The study, published in Nature Genetics, put the new age for genetic Adam at between 174,000 and 321,000 years ago. Genetic Eve is thought to have walked the Earth around 200,000 years ago: well within the new error margin for Adam. The study “puts” the genetic Adam alongside the genetic Eve well within the new margin of error, but the “margin of error” is huge. The median age for pinpointing the first y-chromosome Adam courting the genetic Eve after 200,000 years ago is 256,000 years ago [312,000 – 200,000 = 112,000 / 2 = 56,000 years]. The time span is too great to know when these evolutionary events took place with anything approaching scientific accuracy.

    The researchers dated the existence of this man by comparing the Y-chromsomes of 753 Icelandic men, who were also grouped into 274 paternal lines. The researchers used a “molecular clock”, based on the number of DNA mutations that arise with each generation, to estimate Adam’s age.

    Once more the methodology estimates Adam’s birthday falling somewhere within a period of 147,000 years [312,000 – 174,000 = 147,000] suggesting that the “molecular clock” doesn’t keep good time. Apparently the researchers are over-relying on imprecise criteria, contrived “logic” and skewed mathematics in lieu of empirical scientific evidence.
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  • 5
    aroundtown says:

    We can appreciate that science in genetics is giving us verifiable propositions to our origins that were only explained by supernatural nonsense not all that long ago. The ability to sequence DNA provides a clearer more accurate picture that gives us the ability to check the science and update results when new data is plugged into the overall picture.

    Science gives us a fantastic forward thinking process were as religion remains mired down in mythological view points from a bygone era. I wish they could get excited about science too, it is a far more revealing journey that offers greater rewards.
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  • I apologize for the reversal-of digits typo that results in one under calculation above:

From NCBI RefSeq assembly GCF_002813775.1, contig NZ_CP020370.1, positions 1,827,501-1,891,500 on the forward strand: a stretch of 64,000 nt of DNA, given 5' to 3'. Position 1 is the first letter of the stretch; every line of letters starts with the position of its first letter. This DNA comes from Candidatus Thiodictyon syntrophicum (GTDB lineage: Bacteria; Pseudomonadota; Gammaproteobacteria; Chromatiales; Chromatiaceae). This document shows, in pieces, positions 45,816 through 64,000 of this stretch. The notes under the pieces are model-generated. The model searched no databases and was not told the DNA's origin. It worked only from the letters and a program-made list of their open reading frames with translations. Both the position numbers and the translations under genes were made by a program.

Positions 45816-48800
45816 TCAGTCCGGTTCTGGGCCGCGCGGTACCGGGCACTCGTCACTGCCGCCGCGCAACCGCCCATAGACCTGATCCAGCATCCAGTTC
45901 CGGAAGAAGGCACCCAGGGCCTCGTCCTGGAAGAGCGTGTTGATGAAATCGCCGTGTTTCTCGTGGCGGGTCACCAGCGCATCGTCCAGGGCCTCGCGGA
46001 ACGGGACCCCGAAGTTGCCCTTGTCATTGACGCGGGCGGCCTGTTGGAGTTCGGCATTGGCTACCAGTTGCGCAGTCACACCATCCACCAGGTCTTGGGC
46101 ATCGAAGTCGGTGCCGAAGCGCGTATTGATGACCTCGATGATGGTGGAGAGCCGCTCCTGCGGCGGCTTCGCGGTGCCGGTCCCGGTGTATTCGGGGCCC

” The median age for pinpointing the first y-chromosome Adam courting the genetic Eve after 200,000 years ago is 256,000 years ago [ 312,000 – 200,000 = 112,000 / 2 = 56,000 years ]
    The correction should read:

    The median age for pinpointing the first y-chromosome Adam courting the genetic Eve after 200,000 years ago is 260,500 years ago [321,000 – 200,000 = 121,000 / 2 = 60,500 years].

    [312,000 -174,000 = 147,000]. The calculation should read:
    [321,000 – 174,000 = 147,000] Fortunately the answer, 147,000, is accurate.
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  • 8
    Lorenzo says:

    Okay, here’s my comment on the entire story: “meh!”

    I explain: scientific information from generalist newspapers is usually lacking – and surely there’s room to doubt about the accuracy of the Guardian’s article, since it ventilates the hypothesis that Y chromosome Adam and Mythocondrial Eve might be contemporary to each other.
    While the source article is available, I found it unusually obscure. But, from what I was able to get,mit seems that it concentrates on the rate of point mutation in the Y chromosome rather than attempting any sort of dating.

    Hence, my comment.

    Somethg else that’s worth saying is: both these genetical Eve and Adam are extrapolations, they might not be actual individuals and, more importantly, they were far from being the only member of the genus Homo to walk the Earth at the time. They aren’t even related in any way to the concept of “genetic bottleneck”.